Bailey said the Bank continues to monitor developments with top cryptocurrencies like Bitcoin, but the world’s best-known digital currency didn’t appear to be integrating itself into the financial system very well.
He said: “It’s not taking off as a core financial service. For example, using bitcoin as a payment service is pretty inefficient.”
“So I don’t think the integration into the financial system has kept up the momentum that was once there.
“But we have to keep a very close eye on it.”
Carolyn A. Wilkins of the Bank’s Financial Policy Committee added that its relevance at the moment was due to its status as a speculative asset.
“Even if it has no intrinsic value, there is an interest that is out there,” she said. “It could still have legs from some investors – speculative investors.
“For me, its future is going to be about how it integrates with the financial system, if it is going to have any use at all.”
Wilkins added that she believes “backed crypto”, where the value of the coin is pegged to a government-backed currency, “is much more important”.
Bailey was sceptical of these coins, known as “stablecoins”, as well, as there can be a risk that the peg can’t be kept up. But he said the Bank of England’s own digital currency, which it consulted on last year, could change this as it would have the backing of a central bank.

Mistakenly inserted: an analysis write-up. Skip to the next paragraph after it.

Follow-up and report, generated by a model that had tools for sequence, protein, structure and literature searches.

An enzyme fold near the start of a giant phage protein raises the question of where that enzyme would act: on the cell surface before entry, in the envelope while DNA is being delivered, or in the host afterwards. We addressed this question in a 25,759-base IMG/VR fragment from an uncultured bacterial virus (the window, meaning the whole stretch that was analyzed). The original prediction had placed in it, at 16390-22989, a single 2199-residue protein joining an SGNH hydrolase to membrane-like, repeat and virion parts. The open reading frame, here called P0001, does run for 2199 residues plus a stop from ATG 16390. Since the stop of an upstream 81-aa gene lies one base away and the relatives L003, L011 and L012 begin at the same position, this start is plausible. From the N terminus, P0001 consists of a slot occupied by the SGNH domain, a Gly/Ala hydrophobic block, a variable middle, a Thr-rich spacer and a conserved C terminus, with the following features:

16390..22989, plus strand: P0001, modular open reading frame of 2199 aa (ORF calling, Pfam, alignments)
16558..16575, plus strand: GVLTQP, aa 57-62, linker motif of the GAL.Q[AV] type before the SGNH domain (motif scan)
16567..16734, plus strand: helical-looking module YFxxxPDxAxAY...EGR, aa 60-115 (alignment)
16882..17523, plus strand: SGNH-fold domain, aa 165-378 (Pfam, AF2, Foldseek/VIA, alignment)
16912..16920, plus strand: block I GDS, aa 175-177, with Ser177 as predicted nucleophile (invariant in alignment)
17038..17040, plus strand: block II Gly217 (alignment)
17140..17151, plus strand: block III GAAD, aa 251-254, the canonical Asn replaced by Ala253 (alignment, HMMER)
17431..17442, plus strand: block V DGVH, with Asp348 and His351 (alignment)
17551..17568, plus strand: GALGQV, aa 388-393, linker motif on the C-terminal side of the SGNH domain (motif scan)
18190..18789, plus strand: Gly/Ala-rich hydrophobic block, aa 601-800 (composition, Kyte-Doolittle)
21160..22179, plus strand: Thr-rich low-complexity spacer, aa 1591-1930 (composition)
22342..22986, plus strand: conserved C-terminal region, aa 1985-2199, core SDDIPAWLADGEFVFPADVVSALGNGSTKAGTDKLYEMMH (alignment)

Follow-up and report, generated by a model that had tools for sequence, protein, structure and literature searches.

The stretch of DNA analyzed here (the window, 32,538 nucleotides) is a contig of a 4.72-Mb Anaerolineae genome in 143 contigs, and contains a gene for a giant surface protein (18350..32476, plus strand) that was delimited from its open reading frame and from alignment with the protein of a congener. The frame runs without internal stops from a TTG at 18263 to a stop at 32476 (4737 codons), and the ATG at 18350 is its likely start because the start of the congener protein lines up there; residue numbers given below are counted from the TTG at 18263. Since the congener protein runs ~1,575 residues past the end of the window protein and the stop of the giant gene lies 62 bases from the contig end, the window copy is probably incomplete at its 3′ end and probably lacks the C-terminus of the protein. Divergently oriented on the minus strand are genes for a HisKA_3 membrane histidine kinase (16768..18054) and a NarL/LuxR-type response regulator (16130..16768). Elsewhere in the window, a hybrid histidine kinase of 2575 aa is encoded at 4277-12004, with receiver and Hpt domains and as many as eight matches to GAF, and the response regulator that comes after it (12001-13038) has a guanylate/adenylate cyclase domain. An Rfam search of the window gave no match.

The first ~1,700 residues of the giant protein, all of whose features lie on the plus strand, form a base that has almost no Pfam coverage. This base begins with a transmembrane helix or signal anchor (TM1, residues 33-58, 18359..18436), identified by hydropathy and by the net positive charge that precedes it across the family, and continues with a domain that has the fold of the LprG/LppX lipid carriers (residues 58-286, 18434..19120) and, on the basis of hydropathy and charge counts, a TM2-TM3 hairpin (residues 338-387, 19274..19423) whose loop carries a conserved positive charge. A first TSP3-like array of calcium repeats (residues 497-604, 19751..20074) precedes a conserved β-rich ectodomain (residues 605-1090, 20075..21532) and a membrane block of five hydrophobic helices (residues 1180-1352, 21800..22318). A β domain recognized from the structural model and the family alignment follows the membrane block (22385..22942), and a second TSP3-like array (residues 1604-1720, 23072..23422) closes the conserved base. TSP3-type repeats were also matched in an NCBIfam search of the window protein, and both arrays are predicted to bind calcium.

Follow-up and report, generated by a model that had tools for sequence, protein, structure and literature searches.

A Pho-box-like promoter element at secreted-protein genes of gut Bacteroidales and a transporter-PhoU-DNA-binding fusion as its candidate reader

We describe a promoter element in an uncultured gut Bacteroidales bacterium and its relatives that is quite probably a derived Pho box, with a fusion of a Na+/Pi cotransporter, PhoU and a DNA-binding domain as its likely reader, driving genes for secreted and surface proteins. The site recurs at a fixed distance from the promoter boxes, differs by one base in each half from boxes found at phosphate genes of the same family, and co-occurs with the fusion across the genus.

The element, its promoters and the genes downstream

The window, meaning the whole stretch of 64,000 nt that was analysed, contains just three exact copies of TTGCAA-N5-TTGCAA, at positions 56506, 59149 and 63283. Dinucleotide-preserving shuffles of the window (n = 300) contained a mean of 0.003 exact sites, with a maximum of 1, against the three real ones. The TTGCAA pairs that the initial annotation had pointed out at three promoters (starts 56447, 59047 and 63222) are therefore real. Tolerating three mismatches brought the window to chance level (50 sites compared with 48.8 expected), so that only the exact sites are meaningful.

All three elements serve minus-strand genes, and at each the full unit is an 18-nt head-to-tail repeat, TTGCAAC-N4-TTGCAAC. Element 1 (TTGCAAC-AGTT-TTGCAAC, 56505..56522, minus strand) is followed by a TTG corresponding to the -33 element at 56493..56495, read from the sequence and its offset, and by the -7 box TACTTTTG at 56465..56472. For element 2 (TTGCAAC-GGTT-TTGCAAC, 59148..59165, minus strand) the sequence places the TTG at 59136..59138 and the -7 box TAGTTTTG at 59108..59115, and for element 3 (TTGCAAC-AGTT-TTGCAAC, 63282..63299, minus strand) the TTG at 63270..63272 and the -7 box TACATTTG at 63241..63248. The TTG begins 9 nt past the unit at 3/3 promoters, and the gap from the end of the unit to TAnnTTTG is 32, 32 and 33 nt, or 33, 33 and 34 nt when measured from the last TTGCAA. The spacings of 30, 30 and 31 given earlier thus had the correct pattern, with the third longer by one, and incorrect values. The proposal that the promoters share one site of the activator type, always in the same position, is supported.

“Stablecoins purport to be money. At the moment, I think… their value is not necessarily stable,” he said.
“But what we are doing in the UK is putting in the regulatory regime for them. Because it’s very important that if you call something stable then it actually is stable.
“That’s not only because we like rules, but because it should enable things.”
Elsewhere in the committee meeting, Bailey said transport and utilities firms might be more affected by higher interest rates.
When asked about whether companies that are highly levered, and therefore more at risk from higher interest rates, were clustered in certain sectors, he noted there were a few where this was the case.
“If you look at this country in leveraged lending, there’s transport, utilities… water companies,” he said.
He also warned that there is still a risk of ‘global shocks’ hitting the UK economy, especially if the conflict in the Middle East leads to higher oil prices.
The price of Bitcoin has climbed in the past year, over hopes that US investors will soon have access to an exchange-traded future allowing them to invest in the cryptocurrency, after tumbling in 2022.